The man whom the Chronicles later sought to pin the blame upon, Sir William Soules of Liddesdale, Governor of Berwick and Butler of Scotland, was arrested and brought to trial at the Parliament. He was also given a life sentence after confessing and was goaled in Dumbarton Castle. Soules’ mother was a Comyn and he was the son of a ‘Competitor’ in ‘the Great Cause’, which provided a reasonable link to his supposed motives in seeking the Crown. He wasn’t a realistic candidate by any means in 1320 and it is surely the case that the motive behind the whole affair lay squarely with restoring a Comyn to the Throne. After all, the Comyn claim had a tad more legitimacy, which explains why the Bruce went to all that trouble trying to win the propaganda war. The evidence of the Chronicles proves that he did.
The unfortunate Sir David de Brechin, a nephew of Bruce and whose mother was a Comyn, was found guilty of treason by virtue of being complicit in the plot and not having warned the King. He was executed with the severest penalty of Scottish Law, being drawn through the streets of Perth at a horse’s tail, hanged and beheaded. His brother, Thomas de Brechin, had his lands of Lumquhat in Fife forfeited, being perhaps also privy to the plot, but his fate is unknown.
Brechin’s was a notable execution, quite apart from his relationship to both Bruce and the Comyns. He was seen as a ‘Flower of Chivalry’, having acquitted himself well in battle against the Saracens, but his loyalty was suspect. He changed sides regularly and even fought on the English side at Bannockburn. Perhaps significantly, instead of sending his own seal, he got his wife to send hers for attachment to the Arbroath Declaration. Nevertheless, it is because of the manner of Brechin’s death that this affair was christened the ‘Black Parliament’.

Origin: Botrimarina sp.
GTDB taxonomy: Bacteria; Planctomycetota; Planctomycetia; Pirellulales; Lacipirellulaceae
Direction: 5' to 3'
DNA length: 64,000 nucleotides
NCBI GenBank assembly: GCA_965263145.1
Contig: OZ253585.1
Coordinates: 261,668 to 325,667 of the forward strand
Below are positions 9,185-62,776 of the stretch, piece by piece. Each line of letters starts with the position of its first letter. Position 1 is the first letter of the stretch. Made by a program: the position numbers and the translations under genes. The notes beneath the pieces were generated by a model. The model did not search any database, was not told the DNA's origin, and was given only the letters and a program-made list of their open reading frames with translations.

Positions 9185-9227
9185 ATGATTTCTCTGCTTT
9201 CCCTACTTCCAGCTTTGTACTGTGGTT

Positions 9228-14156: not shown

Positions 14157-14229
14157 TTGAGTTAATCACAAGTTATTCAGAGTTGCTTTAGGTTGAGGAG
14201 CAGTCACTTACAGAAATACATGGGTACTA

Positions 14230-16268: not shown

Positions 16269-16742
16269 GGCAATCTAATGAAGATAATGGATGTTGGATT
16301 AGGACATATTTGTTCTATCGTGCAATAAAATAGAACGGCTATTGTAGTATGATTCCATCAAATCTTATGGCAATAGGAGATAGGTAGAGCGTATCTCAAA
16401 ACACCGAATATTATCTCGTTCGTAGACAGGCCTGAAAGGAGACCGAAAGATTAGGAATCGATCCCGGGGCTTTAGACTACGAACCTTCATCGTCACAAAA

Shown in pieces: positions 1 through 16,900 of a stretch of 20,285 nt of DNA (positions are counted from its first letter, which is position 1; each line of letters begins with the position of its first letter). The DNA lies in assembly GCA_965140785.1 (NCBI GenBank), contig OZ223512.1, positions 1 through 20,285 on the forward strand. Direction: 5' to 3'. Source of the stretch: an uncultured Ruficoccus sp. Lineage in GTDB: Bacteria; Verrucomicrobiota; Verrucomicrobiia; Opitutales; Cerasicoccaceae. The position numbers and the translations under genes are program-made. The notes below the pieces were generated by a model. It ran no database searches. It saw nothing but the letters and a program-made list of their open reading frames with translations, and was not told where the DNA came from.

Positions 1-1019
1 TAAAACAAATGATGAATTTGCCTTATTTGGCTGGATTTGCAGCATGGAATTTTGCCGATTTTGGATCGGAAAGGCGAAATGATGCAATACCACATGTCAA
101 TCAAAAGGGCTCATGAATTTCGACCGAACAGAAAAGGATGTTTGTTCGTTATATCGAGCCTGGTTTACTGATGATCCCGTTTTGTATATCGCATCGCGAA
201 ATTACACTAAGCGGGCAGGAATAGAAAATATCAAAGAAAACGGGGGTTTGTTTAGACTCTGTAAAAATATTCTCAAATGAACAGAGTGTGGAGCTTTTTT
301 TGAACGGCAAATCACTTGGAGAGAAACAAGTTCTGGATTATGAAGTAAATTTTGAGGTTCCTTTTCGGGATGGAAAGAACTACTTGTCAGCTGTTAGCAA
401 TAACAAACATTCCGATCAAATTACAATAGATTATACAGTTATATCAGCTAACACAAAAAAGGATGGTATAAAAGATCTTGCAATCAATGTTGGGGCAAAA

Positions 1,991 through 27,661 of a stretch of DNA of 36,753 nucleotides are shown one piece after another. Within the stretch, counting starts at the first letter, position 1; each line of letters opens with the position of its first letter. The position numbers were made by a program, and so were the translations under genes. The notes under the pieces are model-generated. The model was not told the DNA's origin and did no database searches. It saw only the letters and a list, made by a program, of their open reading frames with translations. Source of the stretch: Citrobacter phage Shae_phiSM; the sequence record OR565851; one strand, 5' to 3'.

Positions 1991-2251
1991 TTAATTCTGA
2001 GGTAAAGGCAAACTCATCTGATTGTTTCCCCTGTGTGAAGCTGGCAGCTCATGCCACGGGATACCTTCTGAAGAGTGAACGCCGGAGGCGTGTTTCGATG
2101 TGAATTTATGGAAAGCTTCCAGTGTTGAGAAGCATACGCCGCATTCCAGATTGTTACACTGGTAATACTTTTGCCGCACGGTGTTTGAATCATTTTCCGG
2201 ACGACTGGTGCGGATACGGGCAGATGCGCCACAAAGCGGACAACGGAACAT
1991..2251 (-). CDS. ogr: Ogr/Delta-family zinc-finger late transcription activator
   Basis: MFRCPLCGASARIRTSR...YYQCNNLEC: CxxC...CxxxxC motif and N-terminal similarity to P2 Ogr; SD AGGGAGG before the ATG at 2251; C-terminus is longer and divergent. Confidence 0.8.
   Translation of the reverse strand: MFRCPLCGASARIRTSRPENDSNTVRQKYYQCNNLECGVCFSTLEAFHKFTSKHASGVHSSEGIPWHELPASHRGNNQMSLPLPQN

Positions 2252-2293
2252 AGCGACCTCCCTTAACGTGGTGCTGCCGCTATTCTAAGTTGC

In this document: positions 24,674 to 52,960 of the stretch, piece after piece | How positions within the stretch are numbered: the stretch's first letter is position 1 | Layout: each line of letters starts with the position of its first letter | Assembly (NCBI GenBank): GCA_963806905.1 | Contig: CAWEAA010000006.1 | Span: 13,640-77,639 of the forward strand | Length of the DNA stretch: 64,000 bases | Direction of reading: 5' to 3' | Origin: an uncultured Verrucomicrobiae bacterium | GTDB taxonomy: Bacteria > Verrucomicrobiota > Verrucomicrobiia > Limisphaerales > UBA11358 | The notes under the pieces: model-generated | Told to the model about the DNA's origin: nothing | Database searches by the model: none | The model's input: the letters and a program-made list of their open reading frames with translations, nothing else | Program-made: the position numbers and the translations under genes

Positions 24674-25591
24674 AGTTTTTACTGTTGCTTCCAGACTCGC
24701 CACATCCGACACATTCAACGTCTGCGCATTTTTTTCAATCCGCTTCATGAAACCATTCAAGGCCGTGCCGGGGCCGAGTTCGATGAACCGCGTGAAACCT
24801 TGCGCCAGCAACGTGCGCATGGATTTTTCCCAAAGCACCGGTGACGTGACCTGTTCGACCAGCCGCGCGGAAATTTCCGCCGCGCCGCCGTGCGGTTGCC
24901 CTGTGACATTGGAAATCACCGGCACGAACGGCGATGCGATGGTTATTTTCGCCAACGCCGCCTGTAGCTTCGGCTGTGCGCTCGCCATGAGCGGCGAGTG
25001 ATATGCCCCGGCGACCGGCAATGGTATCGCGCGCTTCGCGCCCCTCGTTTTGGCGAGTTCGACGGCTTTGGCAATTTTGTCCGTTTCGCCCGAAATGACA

The corpse of Sir Roger de Mowbray, who held the office of Standard Bearer of Scotland, and who had died in skirmishes before the trial, was brought to Parliament in a litter, found guilty and sentenced to be drawn, hung and beheaded. He had nothing to say in his defence. The Bruce’s clemency prevented his mutilation and he was allowed a decent burial. His lands of Barnbougle and Dalmeny in the county of Linlithgow, Inverkeithing in Fife, Cessford and Eckford in Roxburghshire, Methven in Perthshire, Kellie in Forfarshire and Kirk Michael in the county of Dumfries were forfeited to the Crown.
Of the other major figures in the conspiracy, Ingram d’Umphraville, heir to Angus, was also goaled. He later escaped to England, accompanied by Soules it would seem as both are recorded as having died in England sometime during 1321-2. At least three minor figures were condemned to death and executed. Those were Sir John Logie, whose lands were of Logie and Strath Gartney in Strathearn and Mentieth respectively, Sir Gilbert de Malherbe and a squire named Richard Brown. A handful of those involved were pardoned, namely Sir Patrick Graham, Sir Walter de Barclay, Sherriff of Aberdeen, Sir Eustace Maxwell of Caerlaverock, Eustace de Rattray and Hamelin de Troup. In all, at least ten of the forty-four Barons named as witnesses to the Declaration of Arbroath had been accused of plotting regicide, just a few weeks later. So much for national unity.
Incidentally, the Sir William Soules (de Soulis) mentioned here is not the evil Lord William of legend, made famous by Sir Walter Scott in a grisly tale of vengeance. Quite apart from a mythical wizard and his familiar, Robin Redcap, the association is unlikely. The story has it that for the wicked murder of Alexander Armstrong, the 2nd Laird of Mangerton, a Lord Soules of Hermitage Castle was encased in a sheet of lead and “beiled in his ain bru”. Another source has the 2nd Armstrong Lord born in Mangerton Castle in 1320 and dying in 1398, albeit killed by a de Soulis. That being the case, the legend is out by a generation. A more likely culprit for the source of the legend is Sir Ranulf de Soules of Liddel, who was born around 1150 and murdered by his servants in 1207 or 1208. That makes it a generation or three in the opposite direction. In any case, the dubious event is commemorated by the factual Milnholm Cross. Curiously though, to this day, no grass has grown on the place at Nine Stane Rigg where the cauldron is said to have been placed.